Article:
Wednesday, December 8, 2010

Once step closer to churning our own butter

The husband and I laugh over this old Dilbert comic:

Ok, maybe it's not that funny. Still, it cracks us up and it's a line we use as we continue to go down the path of food obsessed.

We didn't go off to churn butter, but we did head over to Formaggio Kitchen's new classroom annex to attend a cheese making class. The adventure started when we went to find the building - it's in a sketchy industrial complex near Alewife in Cambridge, and it turned out their classroom/warehouse is in a giant storage unit. An unheated storage unit, at that. I wasn't dressed for arctic temperatures so after two hours sitting in the frigid cold I was chilled to the bone. I do not recommend attending any of their classes in the winter unless you wear heavy layers, though to be fair I did find this class to be worth the discomfort.

Formaggio Kitchen Annex

The class was taught by Allison Hooper, the co-founder of Vermont Butter and Cheese company. I see VBC's products often in my grocery shopping rounds, and I am a regular purchaser of their creme fraiche, though I really didn't know much about their other products. It was interesting to hear the story of how the company was started essentially on a whim 25 years ago, but it was more fun to do the eating of the cheeses that she brought and made for demonstration. We had 6 VBC commercial products to sample:
  • European cultured butter: seems like this is made from churning creme fraiche, a cultured cream as opposed to fresh cream. I'm a butter fiend to begin with, so I'm not particularly picky over my butter, but I do find butter tastes better in Europe so I was sold. We bought a new cultured butter with sea salt crystals that is heavenly on a still warm baguette - fat and salt are my two favourite flavours.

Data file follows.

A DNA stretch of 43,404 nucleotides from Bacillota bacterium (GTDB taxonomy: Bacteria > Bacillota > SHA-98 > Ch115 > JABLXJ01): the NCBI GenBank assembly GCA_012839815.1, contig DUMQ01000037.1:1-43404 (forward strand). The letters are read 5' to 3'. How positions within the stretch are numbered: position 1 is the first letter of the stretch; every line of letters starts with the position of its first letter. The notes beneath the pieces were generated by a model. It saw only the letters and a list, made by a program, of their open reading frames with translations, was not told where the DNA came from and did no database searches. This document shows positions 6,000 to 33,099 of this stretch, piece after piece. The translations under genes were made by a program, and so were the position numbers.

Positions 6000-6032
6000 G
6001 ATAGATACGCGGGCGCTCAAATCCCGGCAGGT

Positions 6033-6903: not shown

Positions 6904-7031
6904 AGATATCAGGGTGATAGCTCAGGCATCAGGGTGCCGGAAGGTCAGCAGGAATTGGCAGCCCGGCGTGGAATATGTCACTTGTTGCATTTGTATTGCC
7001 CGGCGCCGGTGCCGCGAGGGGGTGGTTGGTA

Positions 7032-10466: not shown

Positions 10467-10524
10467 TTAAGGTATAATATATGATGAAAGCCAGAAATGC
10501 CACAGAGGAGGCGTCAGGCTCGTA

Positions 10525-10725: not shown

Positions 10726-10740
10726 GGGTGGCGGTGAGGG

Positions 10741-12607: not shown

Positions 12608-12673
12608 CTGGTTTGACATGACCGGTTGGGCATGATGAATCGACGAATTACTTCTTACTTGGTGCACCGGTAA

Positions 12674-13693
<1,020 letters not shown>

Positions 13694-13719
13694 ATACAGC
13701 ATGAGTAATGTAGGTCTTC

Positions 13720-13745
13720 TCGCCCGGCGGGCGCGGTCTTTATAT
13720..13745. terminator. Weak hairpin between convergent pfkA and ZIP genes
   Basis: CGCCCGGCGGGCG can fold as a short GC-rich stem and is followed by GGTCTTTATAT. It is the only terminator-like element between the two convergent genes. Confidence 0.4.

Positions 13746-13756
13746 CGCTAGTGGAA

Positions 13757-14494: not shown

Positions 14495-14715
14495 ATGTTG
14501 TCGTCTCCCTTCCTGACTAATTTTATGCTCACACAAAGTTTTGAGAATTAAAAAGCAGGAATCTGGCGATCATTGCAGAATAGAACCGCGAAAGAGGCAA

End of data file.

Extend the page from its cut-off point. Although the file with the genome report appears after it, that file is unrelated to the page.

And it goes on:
• Fromage blanc: I've seen this ingredient in a Barefoot Contessa episode, but had no idea what it was. It's basically the French equivalent to Greek yogurt, a tangy and runny cheese with a mild flavor made from cow's milk. I prefer the denser texture of the Greek yogurt over the flowiness of this cheese.
  • Creme fraiche: Big fan of this product - I prefer it over standard sour cream, and we use it mostly in scrambled eggs and with roasted fingerling potatoes.
  • Bijou: An aged goat cheese that's mild in flavor. This was good on it's own, but the prepared salad that we were served was an excellent meal. VBC's take on the French chevre chaud salad, where each Bijou round is cut in half and placed cut side down/rind up on slices of baguette (the cheese is quite small) before being placed in the oven to toast and warm through. The cheese never fully melts, but it develops a nice crust with a warm gooey center on a toasted slice of baguette. The salad itself was also very tasty, with an unusual element of cooked leeks.
  • Bonne bouche: This is another aged goat cheese but this one is covered in ash. We learned that the ash comes from poplar wood and it's a neutralizing agent to encourage the bacteria to grow. We also sampled this cheese in a recipe that involves roasted fruit, nuts and rosemary with a warmed bonne bouche as an appetizer to be eaten with bread that is simple to make, impressive to look at and tasty to eat.
  • Double-cream Cremont: A mixed milk (cow and goat) cheese that is intended to be more accessible to those who aren't accustomed to goat cheese. It was good, but not particularly memorable.
All in all it was a great learning experience fueled by lots of snacks, beer and wine, even though my stomach was somewhat angry after consuming so much dairy and our fridge now smells like feet thanks to the new goat cheeses we bought. But will we make our own cheese? We're willing to try some of the soft cheeses, but not the hard aged cheeses that require stringent humidity and temperature settings to ensure optimum ripening. We're most psyched to try making our own cheese curds, but the instructions from New England Cheesmaking Supply Company is fairly daunting. We'll order some culture and rennet and report back on our experiments...


Storitz said...

Fun fact: almost all storage facilities have climate controlled units - might be useful for cheese making or butter churning.

Anonymous said...

Glad you enjoyed the class and sorry it was a bit chilly (ok cold). We are still working out the kinks on the climate for the warehouse and I'm sure it will be much more comfortable the next time around. [Tim]

Jennifer said...

Wow! This looks quite interesting!!!!!

Post a Comment

Related Posts Plugin for WordPress, Blogger...